Finding the Key
Once you know all these structures you have a powerful tool to finding the true key ( or keys ) of a piece of music and therefore which scale(s) to play to improvise over the chords.
Songwriting and Composition
Some musicians use these structures without knowing them at all — they just find that certain chords sound good together.
This is fine but if you consciously use the structures to write you may find you can get ideas which you otherwise wouldn't have.
Remember that you can have more than one structure in a song — indeed this is a good way to get " light and shade " into a piece.
A commonly used rock device is to have a first section in a straight Major structure then a second section using the Pentatonic Rock structure.
This can make the second section sound " heavier " than if you were to launch into it straight away.
Another " light and shade " device is to have a Major section and a Minor section in the same root key [ C major followed by C minor for example ]
Or you could have a minor section followed by a major section using the relative major key
[ A minor followed by C major — ' Stairway to Heaven ' is an example of this ]
A different example of this Minor to Major (and back again ) device can be found in the Lou Reed track' Perfect Day ' — the verse of this song starts on Bb minor then goes through a ' key changing style ' cycle of fifths sequence.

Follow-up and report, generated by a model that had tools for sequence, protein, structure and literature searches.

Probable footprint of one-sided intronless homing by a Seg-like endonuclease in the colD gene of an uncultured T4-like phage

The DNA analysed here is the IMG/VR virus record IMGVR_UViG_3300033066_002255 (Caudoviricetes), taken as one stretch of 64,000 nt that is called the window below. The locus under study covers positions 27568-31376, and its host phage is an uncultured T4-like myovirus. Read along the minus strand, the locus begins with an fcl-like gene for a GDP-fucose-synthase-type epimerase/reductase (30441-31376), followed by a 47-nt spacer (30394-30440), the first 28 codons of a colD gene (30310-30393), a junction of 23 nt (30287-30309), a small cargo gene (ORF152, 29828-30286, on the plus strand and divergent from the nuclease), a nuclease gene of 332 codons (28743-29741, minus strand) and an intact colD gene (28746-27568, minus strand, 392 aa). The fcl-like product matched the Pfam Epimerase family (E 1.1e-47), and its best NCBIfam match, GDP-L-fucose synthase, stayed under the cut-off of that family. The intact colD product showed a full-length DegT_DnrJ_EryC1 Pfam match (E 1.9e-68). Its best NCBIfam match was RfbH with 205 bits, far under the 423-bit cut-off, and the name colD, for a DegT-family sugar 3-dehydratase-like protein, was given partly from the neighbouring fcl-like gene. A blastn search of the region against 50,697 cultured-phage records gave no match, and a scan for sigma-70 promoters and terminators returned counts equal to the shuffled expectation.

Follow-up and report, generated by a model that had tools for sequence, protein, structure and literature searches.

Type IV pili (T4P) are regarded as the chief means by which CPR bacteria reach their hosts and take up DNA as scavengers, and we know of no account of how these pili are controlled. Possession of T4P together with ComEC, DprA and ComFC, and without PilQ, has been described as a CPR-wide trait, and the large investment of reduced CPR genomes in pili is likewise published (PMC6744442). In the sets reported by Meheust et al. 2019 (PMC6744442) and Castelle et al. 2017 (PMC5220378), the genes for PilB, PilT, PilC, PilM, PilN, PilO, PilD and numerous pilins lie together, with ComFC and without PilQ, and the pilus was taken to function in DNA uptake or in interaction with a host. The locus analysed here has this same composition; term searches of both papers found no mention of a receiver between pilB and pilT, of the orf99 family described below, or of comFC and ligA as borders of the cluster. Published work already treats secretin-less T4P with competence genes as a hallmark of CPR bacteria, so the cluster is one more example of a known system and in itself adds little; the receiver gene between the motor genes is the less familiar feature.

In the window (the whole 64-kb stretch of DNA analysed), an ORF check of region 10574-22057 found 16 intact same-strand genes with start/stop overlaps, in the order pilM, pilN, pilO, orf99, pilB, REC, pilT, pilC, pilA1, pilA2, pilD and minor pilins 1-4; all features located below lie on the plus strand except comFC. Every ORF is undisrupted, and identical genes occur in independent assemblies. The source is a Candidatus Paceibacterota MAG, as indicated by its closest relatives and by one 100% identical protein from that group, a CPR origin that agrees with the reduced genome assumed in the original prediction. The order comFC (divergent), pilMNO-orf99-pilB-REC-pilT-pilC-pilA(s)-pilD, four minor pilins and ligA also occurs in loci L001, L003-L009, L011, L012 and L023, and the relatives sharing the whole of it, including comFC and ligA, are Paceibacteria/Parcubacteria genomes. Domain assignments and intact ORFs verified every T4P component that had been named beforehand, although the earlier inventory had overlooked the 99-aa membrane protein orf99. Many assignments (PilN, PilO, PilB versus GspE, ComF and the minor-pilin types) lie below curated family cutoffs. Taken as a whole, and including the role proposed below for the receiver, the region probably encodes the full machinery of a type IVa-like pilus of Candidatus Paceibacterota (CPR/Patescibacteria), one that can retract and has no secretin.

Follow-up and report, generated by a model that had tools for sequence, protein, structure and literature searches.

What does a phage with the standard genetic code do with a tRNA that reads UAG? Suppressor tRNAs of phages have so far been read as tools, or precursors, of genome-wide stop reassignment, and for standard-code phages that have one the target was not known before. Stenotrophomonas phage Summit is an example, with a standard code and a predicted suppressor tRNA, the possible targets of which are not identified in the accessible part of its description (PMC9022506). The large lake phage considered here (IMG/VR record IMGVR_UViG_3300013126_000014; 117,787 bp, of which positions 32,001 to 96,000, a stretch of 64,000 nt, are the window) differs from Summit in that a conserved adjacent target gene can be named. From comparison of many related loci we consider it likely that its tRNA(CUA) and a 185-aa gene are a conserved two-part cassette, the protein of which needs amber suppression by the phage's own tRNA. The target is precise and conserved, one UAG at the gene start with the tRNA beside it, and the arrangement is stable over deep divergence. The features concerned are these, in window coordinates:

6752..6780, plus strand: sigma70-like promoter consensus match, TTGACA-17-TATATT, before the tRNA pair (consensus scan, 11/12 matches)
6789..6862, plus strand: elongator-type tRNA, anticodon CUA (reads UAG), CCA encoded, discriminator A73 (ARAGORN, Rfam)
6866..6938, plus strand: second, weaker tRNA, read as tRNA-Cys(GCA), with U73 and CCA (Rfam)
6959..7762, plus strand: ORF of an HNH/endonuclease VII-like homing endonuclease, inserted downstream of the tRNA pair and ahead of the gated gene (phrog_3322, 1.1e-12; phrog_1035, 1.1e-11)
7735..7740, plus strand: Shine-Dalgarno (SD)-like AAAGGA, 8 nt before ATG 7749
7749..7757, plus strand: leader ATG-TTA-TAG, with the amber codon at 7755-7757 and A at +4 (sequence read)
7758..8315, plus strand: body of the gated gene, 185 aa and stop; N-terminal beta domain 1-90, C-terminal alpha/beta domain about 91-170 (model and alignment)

The chorus then comes in with a straight Bb Major key structure — this gives a strong contrast in sound between the verse and chorus.
Once you start analyzing tunes with reference to the various structures you may find that it's much easier to remember how the chord sequence goes — so , for example , I can recall how to play ' Perfect Day ' by simply remembering that it starts on Bbm — does the cycle of fifths routine then changes to Bb Major for the chorus.
I don't necessarily have to memorize the whole chord sequence — just the structure seems to be enough to bring the tune back even though I may not have played it for a long time.
Working out your favourite Tunes Many seemingly different songs actually use the same structural devices — this can make working out chord sequences for yourself much easier.
I can often predict what the next chords are going to be after hearing the first few bars of a song that's completely new to me simply because the first few chords fit into a known structure and so they are already , in a sense , familiar to me.
Analyze some of your favourite tunes with reference to the key structures.